JMU’s recently publicized virtual campus, launched in the online virtual world of Second Life, is hosting a virtual fashion show and open house “in an effort to introduce local and global community members to JMU’s virtual campus.” The show will start at 4:00pm on Friday, December 4th Thursday, December 3rd, in Second Life.
iPhone users can rejoice. As of today, AT&T has 3G network coverage in the city and parts of Rockingham County. There has already been some buzz about it on Twitter this morning. From the official release: AT&T today announced the availability of its third generation (3G) mobile broadband network in Harrisonburg, opening the door to […]
Last year, the City of Harrisonburg formed the Transportation Demand Management Program within the Department of Public Works. The program is comprised of a team dedicated to signal timing, signal coordination, and transportation planning. Earlier this year, the Transportation Demand Management Program released a set of webpages that details their program and provides insight into the complexity of traffic […]
Earlier this week, the Harrisonburg City Council voted unanimously to approve the sale of the old HPD headquarters to Rosetta Stone. What will be the effects on the city’s bottom line, and what are the potential scenarios for the future?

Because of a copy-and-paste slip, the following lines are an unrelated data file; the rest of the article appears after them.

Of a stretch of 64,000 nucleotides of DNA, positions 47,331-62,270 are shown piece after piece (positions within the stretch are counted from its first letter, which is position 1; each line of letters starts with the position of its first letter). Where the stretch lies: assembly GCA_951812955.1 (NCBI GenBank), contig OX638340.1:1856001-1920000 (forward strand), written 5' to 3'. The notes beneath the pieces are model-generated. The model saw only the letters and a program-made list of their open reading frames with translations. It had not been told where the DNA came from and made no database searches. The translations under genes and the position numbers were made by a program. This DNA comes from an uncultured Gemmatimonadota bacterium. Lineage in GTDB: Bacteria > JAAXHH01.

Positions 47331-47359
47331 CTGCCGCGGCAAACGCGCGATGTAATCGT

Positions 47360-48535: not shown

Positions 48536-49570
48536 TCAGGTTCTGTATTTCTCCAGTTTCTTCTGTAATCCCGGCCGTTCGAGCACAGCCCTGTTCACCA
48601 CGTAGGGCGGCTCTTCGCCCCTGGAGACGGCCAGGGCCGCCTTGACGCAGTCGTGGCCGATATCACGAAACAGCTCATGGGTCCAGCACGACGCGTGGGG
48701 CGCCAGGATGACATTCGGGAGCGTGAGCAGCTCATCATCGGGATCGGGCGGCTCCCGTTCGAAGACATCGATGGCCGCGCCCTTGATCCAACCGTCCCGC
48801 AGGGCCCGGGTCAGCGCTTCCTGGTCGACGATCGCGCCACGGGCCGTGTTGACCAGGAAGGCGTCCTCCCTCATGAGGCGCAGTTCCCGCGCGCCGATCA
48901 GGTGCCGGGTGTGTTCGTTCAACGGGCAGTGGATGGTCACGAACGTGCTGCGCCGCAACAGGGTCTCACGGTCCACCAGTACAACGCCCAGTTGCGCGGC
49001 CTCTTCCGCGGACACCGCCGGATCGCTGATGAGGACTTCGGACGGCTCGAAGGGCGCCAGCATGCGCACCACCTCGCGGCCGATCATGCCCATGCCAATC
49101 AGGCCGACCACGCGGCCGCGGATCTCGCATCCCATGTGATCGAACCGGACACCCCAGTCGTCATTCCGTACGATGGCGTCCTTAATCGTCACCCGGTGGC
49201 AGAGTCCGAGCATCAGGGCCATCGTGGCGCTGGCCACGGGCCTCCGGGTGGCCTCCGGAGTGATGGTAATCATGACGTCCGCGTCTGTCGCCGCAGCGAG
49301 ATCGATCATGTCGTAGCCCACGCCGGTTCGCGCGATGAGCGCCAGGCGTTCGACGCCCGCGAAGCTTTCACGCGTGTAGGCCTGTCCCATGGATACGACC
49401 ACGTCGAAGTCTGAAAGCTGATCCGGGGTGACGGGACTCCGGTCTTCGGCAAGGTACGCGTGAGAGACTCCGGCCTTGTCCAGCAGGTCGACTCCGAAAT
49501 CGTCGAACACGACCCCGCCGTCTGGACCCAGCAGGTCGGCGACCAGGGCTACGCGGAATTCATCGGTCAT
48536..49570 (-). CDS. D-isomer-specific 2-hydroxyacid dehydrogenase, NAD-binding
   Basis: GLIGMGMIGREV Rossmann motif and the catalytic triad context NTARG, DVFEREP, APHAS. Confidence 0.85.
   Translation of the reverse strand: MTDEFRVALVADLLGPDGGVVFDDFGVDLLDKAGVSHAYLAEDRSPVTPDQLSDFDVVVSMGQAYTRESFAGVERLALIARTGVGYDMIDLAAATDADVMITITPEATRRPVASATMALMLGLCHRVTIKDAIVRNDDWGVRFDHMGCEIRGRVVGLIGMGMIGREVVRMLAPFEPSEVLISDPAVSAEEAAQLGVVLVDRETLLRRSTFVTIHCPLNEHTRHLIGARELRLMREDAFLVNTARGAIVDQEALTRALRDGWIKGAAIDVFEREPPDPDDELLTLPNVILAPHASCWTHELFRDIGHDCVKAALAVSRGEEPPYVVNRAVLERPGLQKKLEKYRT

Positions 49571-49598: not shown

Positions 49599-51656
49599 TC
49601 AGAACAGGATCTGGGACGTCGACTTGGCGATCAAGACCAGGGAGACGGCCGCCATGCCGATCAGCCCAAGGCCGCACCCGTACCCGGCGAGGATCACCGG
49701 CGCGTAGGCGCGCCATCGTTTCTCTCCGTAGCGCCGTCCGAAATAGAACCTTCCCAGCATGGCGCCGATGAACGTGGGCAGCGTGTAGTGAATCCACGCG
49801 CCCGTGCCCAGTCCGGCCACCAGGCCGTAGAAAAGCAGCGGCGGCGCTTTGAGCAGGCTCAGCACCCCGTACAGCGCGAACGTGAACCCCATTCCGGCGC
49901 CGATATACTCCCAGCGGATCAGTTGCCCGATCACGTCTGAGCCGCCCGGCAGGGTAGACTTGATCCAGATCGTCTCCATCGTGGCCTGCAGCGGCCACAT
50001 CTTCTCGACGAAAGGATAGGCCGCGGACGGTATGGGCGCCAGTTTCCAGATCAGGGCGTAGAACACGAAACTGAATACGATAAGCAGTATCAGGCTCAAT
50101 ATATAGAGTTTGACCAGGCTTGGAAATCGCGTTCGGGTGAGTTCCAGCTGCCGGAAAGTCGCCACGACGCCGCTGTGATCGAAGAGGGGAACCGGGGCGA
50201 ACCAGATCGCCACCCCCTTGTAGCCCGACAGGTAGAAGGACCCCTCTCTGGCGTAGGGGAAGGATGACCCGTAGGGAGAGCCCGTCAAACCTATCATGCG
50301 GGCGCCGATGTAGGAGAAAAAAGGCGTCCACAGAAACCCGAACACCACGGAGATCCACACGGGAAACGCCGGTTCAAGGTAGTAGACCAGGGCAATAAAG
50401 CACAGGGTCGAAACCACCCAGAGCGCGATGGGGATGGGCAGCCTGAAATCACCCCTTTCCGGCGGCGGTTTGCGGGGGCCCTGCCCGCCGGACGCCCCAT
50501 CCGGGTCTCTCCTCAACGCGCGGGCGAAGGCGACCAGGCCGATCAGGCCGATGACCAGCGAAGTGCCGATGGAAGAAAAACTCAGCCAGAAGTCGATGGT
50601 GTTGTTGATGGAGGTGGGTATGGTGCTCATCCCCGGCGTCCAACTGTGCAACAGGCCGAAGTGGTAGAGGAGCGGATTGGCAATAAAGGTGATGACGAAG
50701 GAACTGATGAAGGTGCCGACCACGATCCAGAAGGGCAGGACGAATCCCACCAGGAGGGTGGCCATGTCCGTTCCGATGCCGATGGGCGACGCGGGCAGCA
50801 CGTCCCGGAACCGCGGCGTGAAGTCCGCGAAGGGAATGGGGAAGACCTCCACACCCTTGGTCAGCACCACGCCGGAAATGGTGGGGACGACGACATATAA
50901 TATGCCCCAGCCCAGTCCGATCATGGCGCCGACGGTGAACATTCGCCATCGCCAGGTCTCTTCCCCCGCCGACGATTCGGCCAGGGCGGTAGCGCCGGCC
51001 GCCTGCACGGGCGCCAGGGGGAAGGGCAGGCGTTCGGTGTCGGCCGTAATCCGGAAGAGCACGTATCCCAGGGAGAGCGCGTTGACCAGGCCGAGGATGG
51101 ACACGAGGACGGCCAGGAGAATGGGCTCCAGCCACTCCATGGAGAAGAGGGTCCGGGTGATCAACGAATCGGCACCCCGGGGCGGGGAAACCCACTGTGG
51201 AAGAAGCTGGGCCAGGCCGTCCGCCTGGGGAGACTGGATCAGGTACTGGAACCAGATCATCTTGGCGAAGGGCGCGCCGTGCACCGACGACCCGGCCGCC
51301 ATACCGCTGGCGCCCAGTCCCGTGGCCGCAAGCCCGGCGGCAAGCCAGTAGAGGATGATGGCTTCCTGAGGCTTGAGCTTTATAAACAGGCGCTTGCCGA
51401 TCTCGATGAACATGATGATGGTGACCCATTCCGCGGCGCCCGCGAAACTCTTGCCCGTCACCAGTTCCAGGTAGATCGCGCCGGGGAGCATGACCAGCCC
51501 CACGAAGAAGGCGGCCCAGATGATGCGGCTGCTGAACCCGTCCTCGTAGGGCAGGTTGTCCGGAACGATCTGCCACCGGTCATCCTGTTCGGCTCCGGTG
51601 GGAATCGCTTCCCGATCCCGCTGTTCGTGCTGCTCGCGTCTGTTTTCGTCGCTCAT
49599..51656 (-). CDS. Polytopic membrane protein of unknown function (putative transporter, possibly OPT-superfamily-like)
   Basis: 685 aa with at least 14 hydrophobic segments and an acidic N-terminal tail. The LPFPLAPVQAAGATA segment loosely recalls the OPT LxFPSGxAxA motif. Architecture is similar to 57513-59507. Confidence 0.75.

You may have noticed the new combined feeds, in the right sidebar of the hburgnews homepage, called the “sideblog”. I wanted to give a quick run-down of what our intentions are with the sideblog and get some feedback from you all.
According to the DNR, Rosetta Stone is asking the city government for a bargain-priced building, a significant traffic change and precious upper-deck parking spaces at the Water Street deck. In return, they are dangling the tantalizing offer of 100 new well-paying jobs.
As Harrisonburg continues to draw more technology ventures, one is the growth of the thirteen-acre Blue Ridge Data Center (BRDC) located next to the Technology Park, as reported previously by WHSV and the DNR. An excerpt from the announcement posted to the Harrisonburg Economic Development website back in June states:
We’re almost done with the Q&A series with City Council candidates. One more to go. Can citizens expect to have access online to services commonly found in other cities of our size (i.e. pay water or electric bills, register for new water service, etc.)?
Another Q&A with City Council candidates: The project to bring IPv6 to Harrisonburg failed. Is having IPv6 connectivity in the city something worth pursuing? If so, what should Council do about it?